Eggplants and ratatouille

Eggplants belong to the same family of vegetables (SOLANACEAE) as tomatoes, chillies, capsicums and potatoes. In France they are known as ‘aubergines’. They range from the large popular Australian deep purple ‘Black Beauty’ to pea-sized yellow ones from Thailand. Originating in India and Burma, they first arrived in China by the 4th century, and were introduced to Europe by the Arabs in the 7th century [from ‘The Seed Savers’ Handbook’ by Michel and Jude Fanton]

This year, I grew the ‘long white-streaked eggplants’, and some pure white egg-sized eggplants that remind one where the name ‘egg-plant’ actually came from!

Both are seen in the photo below (with a lemon in between), along with cherry tomatoes, basil and Italian grey-ribbed zucchinis. Note the spherical (bitter) yellow eggplant lurking at the top of the purple ones; this came off the same bush as the white ones.


These vegetables can be chopped into cubes and combined with salt, onion fried in olive oil, garlic, capsicums, oregano and other herbs to make a warm slowly-cooked side-dish of vegetables called ‘ratatouille’ that’s both tasty and nutritious.


Eggplant seeds are usually saved by cutting off the bottom seed-carrying part of large well-shaped early-maturing eggplants and putting them through a blender at slow speed with water before pouring out the mixture and selecting out the seeds for sieving, drying and storing.

Eggplants, and more commonly capsicums, are increasingly able to survive our warmer winters on the Adelaide Plains, provided they can avoid frosts, which kill them. This allows you to harvest eggplants and capsicums much sooner in the following year, rather than late in autumn and in early winter after a spring planting.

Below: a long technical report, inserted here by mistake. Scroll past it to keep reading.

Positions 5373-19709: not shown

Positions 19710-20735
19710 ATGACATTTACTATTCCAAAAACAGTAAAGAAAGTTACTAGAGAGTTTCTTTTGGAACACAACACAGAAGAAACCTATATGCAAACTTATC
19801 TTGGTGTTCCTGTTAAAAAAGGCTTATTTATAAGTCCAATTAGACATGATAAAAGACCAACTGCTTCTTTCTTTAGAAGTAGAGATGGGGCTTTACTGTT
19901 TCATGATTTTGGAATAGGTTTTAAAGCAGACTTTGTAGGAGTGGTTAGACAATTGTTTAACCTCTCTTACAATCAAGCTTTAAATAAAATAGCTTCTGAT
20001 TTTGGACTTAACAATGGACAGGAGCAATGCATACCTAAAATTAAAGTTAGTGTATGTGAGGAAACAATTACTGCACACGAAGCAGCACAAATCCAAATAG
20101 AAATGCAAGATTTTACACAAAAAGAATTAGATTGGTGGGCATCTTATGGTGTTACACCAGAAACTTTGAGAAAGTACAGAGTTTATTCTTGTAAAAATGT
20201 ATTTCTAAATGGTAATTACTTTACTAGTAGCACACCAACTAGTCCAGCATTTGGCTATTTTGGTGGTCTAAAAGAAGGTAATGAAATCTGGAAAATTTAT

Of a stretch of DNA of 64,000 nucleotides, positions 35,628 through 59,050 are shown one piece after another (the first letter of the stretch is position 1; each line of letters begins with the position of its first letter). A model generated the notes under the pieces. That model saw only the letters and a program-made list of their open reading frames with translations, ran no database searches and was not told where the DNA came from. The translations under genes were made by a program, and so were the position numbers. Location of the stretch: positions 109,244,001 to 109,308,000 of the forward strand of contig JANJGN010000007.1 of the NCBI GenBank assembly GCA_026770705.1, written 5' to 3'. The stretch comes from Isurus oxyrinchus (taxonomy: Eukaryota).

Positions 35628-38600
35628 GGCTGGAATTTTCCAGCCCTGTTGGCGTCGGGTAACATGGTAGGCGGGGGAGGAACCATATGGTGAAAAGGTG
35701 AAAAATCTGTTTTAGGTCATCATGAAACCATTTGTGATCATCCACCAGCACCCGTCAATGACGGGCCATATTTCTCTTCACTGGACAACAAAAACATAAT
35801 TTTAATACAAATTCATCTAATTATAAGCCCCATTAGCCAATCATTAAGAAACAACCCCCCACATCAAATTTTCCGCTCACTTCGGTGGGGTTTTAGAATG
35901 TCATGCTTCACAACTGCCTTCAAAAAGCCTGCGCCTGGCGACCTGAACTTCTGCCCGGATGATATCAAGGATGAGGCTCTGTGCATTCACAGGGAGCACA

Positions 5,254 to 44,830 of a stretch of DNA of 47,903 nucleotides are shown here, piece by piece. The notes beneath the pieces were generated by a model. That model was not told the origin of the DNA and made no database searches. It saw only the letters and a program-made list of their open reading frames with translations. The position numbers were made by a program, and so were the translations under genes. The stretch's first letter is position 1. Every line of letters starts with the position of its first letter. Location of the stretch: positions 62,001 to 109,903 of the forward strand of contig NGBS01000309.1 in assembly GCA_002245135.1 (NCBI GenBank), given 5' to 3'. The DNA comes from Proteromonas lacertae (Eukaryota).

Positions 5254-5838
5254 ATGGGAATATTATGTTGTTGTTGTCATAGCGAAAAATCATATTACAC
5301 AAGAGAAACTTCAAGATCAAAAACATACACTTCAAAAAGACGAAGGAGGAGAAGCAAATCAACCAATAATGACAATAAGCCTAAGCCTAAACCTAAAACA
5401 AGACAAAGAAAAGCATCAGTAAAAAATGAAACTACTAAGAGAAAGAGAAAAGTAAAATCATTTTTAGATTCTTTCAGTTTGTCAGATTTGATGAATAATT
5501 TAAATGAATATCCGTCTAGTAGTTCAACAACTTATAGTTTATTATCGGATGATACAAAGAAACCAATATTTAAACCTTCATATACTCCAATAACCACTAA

One of the common pests of eggplants late in the growing season is the introduced ‘Crusader Bug’ – a large grey bug about 1.5 cms long with a big white ‘X’ on its back as an adult, and a white spot or two when young. These sap-sucking bugs love the tasty tips of the eggplant bush where the flowers are and the fruit is forming; they inject a fluid into the plant that ultimately causes the growing tip to whither and the flower and fruit to fall off. Crusader bugs can be collected into a lidded-jar half-filled with water; just scrape the bug off the eggplant between lid and jar rim, where they will promptly drown.Crusader bugs will see you coming, and nip behind leaf or stem to avoid you seeing them; just watch carefully for movement to detect them. Flicking them off the plant hard with a finger-nail also gets rid off them.


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